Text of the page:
by: Eric W. Curtis
The pace of change is accelerating and as a result, our ability to devote time to planning for the future is diminishing. In an effort to “hold the ship together”, organizations are finding themselves addressing issues as they arise. As such, those in Leadership roles are spending their time working IN the company, leaving little time to work ON the company.
While many have been able to piece things together thus far, organizations are now seeing the need to step back and look at how to structure their time in order to meet future demands.
This is where the Board of Directors can help. The role of a governing Board of Directors is to create the necessary time and space to work ON the company so that organizations can be intentional about how they want to shape their future.
Typically, Board meetings consist of listening to organizational updates that have occurred since the previous meeting, and making decisions on initiatives that will be implemented leading into the next meeting.
But where is the balance between oversight/governance and strategy? How do Boards consistently help the CEO drive strategy? How is the time and opportunity to build relevancy and viability in the years ahead provided? And how can Boards change the way they operate in order to ensure this happens?
One of the key reasons organizations have a Board of Directors, is the function they serve in task managing complexity over a long period of time.
Organizations need this objective view from the Board as well as from individuals that understand the industry or sector landscape, the potential threats that exist, and the opportunities for ensuring the company remain viable and relevant.
The Board of Directors can create time and space following 3 simple steps:
Step 1: Identify all discussions and decisions that occur throughout the year that would fall into the Oversight/Governance category. These are the topics that fulfill the fiduciary oversight of the Board. These topics include, but are not limited to: budget approval, auditors report, annual meeting, committee reports, and CEO report.
Step 2: Identify the topics that require planning and advance discussion. This consists of strategy items such as: strategic planning, investment proposals, merger strategy, risk management, talent review, and educational opportunities for the Board regarding major trends. These are topics that look ahead to the future and support planning in the years to come.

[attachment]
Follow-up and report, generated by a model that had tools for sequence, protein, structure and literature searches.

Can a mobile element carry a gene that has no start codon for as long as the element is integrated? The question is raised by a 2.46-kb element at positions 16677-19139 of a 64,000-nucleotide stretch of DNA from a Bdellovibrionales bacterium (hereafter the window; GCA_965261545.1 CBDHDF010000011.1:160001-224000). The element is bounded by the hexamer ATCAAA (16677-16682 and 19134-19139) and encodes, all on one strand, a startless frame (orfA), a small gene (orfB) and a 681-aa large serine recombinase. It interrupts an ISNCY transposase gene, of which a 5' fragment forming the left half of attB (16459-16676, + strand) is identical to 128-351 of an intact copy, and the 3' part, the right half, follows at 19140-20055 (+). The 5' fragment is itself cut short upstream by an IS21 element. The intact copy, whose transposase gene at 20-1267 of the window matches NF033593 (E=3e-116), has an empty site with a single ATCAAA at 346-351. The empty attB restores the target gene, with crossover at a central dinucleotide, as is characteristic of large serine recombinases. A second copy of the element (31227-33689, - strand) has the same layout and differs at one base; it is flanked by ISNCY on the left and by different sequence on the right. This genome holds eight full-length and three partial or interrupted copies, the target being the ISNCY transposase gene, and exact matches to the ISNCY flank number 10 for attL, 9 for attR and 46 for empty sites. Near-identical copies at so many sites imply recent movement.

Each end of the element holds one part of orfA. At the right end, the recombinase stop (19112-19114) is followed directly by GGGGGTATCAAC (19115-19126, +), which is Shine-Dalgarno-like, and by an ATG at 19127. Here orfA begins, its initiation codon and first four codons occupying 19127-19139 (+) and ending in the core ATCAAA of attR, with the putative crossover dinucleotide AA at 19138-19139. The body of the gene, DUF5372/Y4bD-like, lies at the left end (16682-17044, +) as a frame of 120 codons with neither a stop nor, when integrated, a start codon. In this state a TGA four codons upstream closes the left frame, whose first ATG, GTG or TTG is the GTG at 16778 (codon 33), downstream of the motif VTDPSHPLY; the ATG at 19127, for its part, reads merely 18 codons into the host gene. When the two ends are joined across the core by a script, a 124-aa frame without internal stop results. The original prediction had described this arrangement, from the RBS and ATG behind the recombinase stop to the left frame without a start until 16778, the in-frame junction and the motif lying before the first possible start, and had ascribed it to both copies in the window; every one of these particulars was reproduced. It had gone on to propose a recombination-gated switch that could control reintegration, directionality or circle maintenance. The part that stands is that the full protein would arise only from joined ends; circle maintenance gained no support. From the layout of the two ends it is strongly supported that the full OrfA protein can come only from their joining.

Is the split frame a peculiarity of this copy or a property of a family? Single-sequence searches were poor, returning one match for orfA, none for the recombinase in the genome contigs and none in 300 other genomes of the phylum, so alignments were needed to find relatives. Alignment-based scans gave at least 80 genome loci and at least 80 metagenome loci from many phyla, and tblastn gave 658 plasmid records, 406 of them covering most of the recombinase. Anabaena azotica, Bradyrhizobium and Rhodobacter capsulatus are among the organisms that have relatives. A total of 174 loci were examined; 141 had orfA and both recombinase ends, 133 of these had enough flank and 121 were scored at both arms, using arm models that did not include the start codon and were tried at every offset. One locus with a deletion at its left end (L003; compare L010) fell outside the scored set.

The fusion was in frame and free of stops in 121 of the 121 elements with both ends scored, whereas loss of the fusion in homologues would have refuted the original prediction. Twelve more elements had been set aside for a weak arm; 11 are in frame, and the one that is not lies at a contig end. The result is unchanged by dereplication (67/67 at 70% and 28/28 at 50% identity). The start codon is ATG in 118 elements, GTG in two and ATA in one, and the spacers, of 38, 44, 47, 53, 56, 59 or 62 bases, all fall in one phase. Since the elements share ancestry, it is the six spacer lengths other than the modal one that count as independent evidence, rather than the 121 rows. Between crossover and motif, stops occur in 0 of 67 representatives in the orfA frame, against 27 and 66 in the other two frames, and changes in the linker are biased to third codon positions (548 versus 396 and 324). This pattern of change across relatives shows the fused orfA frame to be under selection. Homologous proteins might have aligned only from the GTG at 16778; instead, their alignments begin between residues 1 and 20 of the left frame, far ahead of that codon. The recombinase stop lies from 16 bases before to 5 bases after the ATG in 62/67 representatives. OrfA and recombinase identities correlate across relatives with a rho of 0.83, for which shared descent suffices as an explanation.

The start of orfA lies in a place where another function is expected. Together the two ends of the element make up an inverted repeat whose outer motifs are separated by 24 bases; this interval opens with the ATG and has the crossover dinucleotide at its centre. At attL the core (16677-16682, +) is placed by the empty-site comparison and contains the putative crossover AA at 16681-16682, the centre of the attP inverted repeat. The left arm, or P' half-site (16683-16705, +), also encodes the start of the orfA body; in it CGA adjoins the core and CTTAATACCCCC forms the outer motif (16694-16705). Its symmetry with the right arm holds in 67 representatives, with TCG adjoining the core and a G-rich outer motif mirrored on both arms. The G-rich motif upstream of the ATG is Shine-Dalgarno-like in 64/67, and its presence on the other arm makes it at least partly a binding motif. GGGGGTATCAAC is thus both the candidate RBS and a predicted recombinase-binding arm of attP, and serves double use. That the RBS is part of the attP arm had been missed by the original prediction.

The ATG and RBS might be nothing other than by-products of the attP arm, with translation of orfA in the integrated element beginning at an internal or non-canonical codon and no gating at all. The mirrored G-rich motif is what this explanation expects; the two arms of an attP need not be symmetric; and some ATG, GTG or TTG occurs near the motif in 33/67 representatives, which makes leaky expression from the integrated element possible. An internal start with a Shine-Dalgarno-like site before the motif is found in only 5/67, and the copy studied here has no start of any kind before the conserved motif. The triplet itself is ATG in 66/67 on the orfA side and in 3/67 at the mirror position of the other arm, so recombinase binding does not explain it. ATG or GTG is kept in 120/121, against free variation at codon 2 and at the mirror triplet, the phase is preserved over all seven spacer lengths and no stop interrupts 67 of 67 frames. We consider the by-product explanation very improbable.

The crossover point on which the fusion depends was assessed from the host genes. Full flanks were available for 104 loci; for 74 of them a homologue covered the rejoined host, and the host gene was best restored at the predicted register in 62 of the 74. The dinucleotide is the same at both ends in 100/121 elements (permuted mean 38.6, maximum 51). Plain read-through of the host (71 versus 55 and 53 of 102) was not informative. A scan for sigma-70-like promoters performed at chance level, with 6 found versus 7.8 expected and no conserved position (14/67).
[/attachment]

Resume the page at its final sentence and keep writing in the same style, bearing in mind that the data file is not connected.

Step 3: Build an annual agenda for the Board with every meeting divided in to equal parts oversight (50%) and strategy and planning (50%). Presently, many Boards of Directors allocate their time around the oversight topics very well, but do not provide opportunity for strategy and planning discussion and decision making. Being able to anticipate when the Board will need to review an audit verses planning for future acquisitions, are both critical topics that need proper time allotment.
Board meeting agendas, both annual and monthly, are the #1 tool for controlling time and opportunity. The agendas dictate the time to work on the “As-Is” and “To-Be” as well as the oversight and future planning. Without changing the way Boards operate, meetings will continue to focus on organizational updates and committee presentations. There is too much risk in this rapidly changing landscape to ignore the need to plan for the future.
It is the responsibility of the Board Chair and the CEO to collaboratively shape the Board Agendas. The more the agendas can be structured annually to balance both oversight and strategy, the more engaged, informed, and productive a Board of Directors will be. Boards must support and encourage companies to look as far forward into the future as possible, and to ask the right questions questions to drive planning.